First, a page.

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Facilities

Construction starts on McGill super-hospital

MONTREAL – After years of planning, setbacks and delays, the McGill University Health Centre has finally broken ground on its new site – the so-called ‘super-hospital’ that will consolidate several aged facilities into one advanced centre.

“We have bought into a package. That is perhaps the strongest reason why this will be completed on time and on budget,” said Dr. Arthur Porter (pictured), the MUHC’s executive director, at an April 1 ceremony to officially launch construction of the facility. “The shovel goes into the ground and we are on track.”

The package that McGill has bought into is a $1.3-billion public-private partnership venture to be built by the McGill Health Infrastructure Group, a consortium headed by the Quebec-based engineering and construction giant SNC-Lavalin. The scheduled date for completion is 2014.

The new hospital will bring together the present-day Royal Victoria Hospital, the Montreal Children’s Hospital and the Montreal Chest Institute. It will also include a cancer centre and a research institute.

Money will also be spent on refurbishing the Montreal General and Lachine hospitals.

The new 3.2-million-square-foot hospital will provide 346 single-patient rooms for adults and 154 for children, increased space for mobile equipment to allow many procedures in patients’ rooms, separate elevators for patients, a fibre-optic network for clinical information, and facilities for co-operation between healthcare providers and researchers that is expected to foster innovations in patient care and cures.

“This is a historic occasion,” MUHC board chairperson David Angus said. “A great, exciting day for the province, the city and the university. A great day for all Quebecers who will benefit from the health services of this great hospital.”

Premier Jean Charest, who was on hand along with provincial Health Minister Yves Bolduc and Mayor Gérald Tremblay, said the McGill project, along with its Université de Montréal counterpart, for which ground was turned the week before, will enhance Montreal’s reputation as one of the world’s great cities for health care and health sciences.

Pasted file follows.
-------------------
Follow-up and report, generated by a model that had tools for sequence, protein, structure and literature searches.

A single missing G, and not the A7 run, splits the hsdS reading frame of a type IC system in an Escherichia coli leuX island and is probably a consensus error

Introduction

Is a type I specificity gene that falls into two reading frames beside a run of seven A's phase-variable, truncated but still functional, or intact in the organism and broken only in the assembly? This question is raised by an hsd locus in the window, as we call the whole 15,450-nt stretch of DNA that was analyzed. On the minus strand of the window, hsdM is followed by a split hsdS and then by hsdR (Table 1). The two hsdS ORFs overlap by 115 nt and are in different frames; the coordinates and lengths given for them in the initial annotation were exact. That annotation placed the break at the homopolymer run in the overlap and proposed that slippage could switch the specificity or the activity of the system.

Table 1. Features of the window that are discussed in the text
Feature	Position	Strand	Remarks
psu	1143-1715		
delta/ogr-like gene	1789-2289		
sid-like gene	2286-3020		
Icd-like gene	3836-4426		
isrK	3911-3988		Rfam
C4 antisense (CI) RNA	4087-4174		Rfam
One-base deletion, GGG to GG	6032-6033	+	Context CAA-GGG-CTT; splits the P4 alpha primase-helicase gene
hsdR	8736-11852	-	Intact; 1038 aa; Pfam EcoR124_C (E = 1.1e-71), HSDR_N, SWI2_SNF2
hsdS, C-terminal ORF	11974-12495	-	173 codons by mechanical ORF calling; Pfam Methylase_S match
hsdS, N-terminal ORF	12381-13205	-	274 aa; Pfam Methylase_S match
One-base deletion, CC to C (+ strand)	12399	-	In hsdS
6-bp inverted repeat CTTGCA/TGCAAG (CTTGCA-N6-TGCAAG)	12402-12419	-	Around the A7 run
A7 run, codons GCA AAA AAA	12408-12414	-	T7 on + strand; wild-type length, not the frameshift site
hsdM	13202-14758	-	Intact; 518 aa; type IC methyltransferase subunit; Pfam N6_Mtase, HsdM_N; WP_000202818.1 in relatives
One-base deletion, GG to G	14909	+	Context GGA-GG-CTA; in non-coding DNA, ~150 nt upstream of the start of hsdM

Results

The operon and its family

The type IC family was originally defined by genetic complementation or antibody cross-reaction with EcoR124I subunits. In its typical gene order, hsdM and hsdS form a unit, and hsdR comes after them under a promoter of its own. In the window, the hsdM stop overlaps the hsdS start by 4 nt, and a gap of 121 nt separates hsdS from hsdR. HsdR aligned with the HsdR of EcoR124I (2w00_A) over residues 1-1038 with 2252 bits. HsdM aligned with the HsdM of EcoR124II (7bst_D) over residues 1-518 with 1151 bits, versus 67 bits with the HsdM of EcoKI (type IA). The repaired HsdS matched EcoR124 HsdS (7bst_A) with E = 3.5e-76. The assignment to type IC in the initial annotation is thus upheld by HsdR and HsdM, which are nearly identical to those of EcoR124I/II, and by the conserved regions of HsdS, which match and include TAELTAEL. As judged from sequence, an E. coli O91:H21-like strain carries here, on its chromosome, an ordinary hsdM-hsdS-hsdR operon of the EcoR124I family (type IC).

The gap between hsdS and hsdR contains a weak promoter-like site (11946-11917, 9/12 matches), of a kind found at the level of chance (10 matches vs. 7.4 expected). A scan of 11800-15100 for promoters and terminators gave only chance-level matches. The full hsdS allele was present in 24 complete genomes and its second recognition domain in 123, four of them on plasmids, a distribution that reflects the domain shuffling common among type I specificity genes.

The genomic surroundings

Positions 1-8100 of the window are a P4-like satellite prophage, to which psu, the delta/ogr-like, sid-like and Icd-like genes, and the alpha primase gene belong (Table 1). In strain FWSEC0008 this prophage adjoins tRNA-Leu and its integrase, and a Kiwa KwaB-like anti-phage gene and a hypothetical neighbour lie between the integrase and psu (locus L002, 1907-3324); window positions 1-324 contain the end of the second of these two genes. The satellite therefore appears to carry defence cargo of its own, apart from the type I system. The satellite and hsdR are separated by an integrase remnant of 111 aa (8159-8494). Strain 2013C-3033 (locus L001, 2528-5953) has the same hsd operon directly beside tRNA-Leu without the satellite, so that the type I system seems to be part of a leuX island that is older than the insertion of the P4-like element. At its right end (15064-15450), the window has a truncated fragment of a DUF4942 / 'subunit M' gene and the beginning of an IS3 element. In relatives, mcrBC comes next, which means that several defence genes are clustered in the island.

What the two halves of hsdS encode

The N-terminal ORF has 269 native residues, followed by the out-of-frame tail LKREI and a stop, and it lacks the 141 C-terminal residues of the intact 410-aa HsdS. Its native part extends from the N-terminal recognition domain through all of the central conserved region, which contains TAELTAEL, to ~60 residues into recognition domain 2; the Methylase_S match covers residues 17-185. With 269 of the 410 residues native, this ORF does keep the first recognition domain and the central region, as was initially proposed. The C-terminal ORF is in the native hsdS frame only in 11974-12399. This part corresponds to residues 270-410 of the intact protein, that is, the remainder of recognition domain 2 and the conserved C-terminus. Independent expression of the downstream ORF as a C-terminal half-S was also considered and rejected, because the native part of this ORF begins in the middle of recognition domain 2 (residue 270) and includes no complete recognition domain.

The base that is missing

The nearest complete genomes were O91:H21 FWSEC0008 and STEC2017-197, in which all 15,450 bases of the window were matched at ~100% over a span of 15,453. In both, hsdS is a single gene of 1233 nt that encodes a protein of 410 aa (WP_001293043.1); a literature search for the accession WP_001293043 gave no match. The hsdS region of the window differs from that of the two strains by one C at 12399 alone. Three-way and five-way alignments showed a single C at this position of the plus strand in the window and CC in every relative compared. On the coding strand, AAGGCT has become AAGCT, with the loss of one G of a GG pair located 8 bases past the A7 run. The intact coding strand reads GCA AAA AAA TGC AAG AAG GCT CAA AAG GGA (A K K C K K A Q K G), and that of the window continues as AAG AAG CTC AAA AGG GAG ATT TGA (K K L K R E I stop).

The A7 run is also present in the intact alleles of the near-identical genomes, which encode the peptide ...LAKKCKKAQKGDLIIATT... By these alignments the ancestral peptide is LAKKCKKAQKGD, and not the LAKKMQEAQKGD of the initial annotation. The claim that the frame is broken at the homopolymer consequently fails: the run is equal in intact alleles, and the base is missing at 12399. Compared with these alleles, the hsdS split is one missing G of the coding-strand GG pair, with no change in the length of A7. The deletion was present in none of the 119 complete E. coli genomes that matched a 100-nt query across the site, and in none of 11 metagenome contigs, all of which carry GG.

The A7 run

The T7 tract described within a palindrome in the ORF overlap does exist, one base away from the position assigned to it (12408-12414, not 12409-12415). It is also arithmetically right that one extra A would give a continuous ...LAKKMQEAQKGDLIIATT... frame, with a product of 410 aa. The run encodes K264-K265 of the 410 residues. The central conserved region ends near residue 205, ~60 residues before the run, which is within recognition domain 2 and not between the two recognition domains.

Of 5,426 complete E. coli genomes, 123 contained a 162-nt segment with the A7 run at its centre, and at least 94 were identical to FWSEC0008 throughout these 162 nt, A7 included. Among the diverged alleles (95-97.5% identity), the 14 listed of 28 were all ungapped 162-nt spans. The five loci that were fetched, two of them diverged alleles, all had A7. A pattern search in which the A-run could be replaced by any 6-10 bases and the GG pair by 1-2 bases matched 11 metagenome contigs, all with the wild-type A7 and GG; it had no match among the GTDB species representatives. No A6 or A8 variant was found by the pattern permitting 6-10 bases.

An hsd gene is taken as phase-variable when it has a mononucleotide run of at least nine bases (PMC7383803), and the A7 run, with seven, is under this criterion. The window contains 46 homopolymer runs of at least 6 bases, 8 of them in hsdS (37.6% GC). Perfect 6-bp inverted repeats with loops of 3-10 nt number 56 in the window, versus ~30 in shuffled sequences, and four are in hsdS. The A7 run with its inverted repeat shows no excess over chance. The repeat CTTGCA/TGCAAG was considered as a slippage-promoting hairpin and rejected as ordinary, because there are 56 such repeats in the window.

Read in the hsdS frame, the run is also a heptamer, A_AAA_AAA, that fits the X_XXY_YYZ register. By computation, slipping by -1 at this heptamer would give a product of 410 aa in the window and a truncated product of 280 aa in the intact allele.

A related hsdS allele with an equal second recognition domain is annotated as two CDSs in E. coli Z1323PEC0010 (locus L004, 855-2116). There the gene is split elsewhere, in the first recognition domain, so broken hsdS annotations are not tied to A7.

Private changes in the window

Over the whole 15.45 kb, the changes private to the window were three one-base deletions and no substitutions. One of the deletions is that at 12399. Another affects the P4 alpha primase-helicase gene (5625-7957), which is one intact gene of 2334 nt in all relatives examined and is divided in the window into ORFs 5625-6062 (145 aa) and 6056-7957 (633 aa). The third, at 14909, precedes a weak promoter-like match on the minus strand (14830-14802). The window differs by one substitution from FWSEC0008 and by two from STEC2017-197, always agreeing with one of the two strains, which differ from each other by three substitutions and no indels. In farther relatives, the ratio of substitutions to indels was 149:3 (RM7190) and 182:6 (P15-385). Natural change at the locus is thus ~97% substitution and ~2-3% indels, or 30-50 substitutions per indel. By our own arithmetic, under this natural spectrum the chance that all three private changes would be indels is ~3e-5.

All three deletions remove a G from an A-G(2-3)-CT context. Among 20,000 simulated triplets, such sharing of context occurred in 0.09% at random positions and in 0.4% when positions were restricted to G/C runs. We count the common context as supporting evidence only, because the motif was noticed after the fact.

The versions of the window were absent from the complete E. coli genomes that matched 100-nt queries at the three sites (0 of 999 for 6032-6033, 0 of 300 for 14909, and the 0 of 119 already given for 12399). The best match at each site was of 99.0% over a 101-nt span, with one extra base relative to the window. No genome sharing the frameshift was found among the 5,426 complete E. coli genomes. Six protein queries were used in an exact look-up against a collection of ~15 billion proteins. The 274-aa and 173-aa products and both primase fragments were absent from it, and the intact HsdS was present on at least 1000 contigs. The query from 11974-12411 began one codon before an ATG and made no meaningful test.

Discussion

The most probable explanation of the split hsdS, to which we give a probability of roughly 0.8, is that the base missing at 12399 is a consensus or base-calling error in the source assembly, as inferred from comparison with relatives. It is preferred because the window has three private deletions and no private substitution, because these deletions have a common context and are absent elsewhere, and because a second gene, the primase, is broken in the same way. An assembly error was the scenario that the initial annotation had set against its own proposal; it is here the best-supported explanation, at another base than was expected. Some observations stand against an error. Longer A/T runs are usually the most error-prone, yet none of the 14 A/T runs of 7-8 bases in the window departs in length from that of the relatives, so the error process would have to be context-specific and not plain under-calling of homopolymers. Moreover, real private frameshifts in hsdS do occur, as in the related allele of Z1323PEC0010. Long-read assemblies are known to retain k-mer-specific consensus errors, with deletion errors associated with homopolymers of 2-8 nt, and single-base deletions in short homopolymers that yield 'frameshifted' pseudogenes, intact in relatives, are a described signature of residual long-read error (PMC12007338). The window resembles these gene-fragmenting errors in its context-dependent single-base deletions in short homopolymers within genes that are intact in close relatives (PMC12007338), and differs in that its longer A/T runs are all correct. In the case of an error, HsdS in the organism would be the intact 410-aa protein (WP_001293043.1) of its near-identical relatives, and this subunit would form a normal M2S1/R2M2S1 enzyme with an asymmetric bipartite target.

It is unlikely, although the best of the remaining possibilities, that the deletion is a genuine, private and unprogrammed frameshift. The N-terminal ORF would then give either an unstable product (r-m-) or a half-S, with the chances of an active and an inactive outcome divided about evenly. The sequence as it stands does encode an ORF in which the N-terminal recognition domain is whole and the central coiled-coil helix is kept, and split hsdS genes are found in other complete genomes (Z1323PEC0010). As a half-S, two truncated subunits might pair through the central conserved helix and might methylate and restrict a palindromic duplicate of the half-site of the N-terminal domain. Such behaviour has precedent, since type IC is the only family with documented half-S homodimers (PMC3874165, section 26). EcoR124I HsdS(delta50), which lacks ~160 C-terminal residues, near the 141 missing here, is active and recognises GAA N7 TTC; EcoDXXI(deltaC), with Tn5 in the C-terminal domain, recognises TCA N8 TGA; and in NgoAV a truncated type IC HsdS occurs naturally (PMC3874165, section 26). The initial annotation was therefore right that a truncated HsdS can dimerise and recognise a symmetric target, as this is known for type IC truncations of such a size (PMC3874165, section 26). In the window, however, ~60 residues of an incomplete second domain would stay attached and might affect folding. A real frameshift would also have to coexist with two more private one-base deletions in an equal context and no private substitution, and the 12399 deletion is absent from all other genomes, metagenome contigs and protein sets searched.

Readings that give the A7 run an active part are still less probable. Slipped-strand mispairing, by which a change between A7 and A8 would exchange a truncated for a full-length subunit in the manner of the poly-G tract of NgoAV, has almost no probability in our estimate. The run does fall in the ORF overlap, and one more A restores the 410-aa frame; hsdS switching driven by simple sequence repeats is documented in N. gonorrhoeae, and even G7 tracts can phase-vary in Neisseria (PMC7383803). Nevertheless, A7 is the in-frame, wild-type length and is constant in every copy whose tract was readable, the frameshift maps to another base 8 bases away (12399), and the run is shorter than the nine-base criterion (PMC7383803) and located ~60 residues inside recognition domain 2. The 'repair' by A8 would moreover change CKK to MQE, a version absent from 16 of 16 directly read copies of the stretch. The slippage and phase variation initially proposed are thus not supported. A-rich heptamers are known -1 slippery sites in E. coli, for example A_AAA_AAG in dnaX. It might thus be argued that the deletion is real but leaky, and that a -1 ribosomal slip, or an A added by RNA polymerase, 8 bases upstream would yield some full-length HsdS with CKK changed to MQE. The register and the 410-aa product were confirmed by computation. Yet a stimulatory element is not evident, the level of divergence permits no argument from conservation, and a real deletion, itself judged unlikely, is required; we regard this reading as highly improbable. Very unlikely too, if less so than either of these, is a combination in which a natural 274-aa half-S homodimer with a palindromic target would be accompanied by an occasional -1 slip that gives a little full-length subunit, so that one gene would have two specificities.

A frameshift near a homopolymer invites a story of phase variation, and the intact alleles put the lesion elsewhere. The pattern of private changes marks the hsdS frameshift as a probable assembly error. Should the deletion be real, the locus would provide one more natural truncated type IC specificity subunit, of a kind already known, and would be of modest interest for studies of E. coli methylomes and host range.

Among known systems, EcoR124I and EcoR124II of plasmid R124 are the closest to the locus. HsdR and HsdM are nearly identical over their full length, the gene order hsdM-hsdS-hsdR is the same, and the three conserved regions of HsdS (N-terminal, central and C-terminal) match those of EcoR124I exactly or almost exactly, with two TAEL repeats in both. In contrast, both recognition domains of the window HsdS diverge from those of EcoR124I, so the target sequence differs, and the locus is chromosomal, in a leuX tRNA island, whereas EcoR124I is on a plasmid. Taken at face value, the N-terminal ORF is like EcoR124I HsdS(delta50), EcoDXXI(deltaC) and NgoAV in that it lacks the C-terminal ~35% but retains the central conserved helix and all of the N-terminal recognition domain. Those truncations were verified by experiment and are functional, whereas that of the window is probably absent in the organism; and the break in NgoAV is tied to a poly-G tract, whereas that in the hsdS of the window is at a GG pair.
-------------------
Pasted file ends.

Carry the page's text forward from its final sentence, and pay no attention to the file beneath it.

“Along with ensuring Quebec’s metropolis of the highest quality health service, these major building initiatives will vigorously support the economy and employment,” Charest said.

Tremblay called it “a dream become a reality.”

A planned ceremonial groundbreaking was cancelled when about 50 demonstrators thronged into the site to protest the public-private construction scheme and the anglophone dimension of the new hospital. Dignitaries had to content themselves with gathering around a large cake in the shape of a shovel at a nearby arts centre, where the ceremony was held.

Charest and others stressed that the new facility will not be an English hospital, but will accommodate all Quebecers. Contrary to what some critics maintain, Montreal needs both the McGill and the U de M hospitals, the premier said.
Government Administration Minister Monique Gagnon-Tremblay, who was also on hand, said the PPP formula, whereby a private consortium will build the hospital and maintain it for 30 years, ensures the project will be completed on time and on budget.

“In this way, the government ensures itself of an infrastructure in good condition for the next 30 years, and that the taxpayers get value for their money when they invest in such projects.”

The original projected date for completion of the McGill project was 2004, but Charest said such complex projects typically run into snags; he cited the Georges Pompidou Hospital in Paris, which took 15 years to complete.

Posted April 8, 2010

 

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